Neighborhoods, social support, and african american adolescents' mental health outcomes: a multilevel path analysis

Child Dev. 2013 May-Jun;84(3):858-74. doi: 10.1111/cdev.12018. Epub 2012 Nov 30.


This study explored how neighborhood characteristics may relate to African American adolescents' internalizing symptoms via adolescents' social support and perceptions of neighborhood cohesion. Participants included 571 urban, African American adolescents (52% female; M age = 17.8). A multilevel path analysis testing both direct and indirect effects of neighborhood characteristics on adolescents' mental health outcomes was conducted. Higher neighborhood poverty and unemployment rates predicted greater internalizing symptoms via lower cumulative social support and perceptions of neighborhood cohesion. In contrast, higher concentrations of African American and residentially stable residents in one's neighborhood related to fewer internalizing symptoms among adolescent residents via greater cumulative social support and perceptions of neighborhood cohesion. Implications of these findings are discussed.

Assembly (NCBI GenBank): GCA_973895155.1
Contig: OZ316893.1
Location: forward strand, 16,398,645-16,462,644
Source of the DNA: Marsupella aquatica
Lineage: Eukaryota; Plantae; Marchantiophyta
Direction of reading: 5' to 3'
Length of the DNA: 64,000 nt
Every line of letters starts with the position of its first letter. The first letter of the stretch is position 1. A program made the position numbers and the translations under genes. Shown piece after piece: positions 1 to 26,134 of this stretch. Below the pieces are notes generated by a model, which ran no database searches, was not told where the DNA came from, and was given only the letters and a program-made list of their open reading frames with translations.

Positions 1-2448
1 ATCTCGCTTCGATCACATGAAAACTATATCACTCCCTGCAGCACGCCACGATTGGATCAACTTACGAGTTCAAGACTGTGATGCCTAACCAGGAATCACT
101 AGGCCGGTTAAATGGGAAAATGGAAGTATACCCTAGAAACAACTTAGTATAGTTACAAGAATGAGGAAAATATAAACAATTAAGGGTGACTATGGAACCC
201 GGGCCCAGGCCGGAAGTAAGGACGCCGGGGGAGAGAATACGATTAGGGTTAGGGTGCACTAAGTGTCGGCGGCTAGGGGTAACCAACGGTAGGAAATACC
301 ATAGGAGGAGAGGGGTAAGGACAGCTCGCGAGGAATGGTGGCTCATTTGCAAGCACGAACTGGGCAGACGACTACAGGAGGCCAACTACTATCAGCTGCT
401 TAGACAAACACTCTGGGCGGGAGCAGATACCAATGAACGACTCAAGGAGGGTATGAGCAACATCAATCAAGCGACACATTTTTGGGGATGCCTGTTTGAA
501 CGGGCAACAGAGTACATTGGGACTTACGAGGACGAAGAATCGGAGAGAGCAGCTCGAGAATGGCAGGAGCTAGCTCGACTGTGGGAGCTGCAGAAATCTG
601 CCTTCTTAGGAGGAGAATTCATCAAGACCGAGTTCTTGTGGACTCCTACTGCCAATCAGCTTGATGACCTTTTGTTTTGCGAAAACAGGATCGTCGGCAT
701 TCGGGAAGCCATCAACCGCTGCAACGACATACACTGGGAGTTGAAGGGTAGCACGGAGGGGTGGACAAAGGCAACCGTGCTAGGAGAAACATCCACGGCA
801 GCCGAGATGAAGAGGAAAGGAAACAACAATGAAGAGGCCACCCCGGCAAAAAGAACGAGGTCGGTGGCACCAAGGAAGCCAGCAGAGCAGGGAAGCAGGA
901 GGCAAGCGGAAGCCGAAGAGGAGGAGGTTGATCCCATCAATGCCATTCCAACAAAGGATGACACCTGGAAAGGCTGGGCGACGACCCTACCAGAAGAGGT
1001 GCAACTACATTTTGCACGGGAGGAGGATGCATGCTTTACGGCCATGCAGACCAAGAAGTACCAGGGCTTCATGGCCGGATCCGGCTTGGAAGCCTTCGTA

Publication types

  • Research Support, N.I.H., Extramural

MeSH terms

  • Adolescent
  • Anxiety Disorders / psychology*
  • Black or African American / psychology*
  • Depressive Disorder / psychology*
  • Female
  • Humans
  • Internal-External Control
  • Longitudinal Studies
  • Male
  • Midwestern United States
  • Perception
  • Psychology, Adolescent
  • Residence Characteristics*
  • Risk Factors
  • Social Environment*
  • Social Support*
  • Socioeconomic Factors
  • Urban Health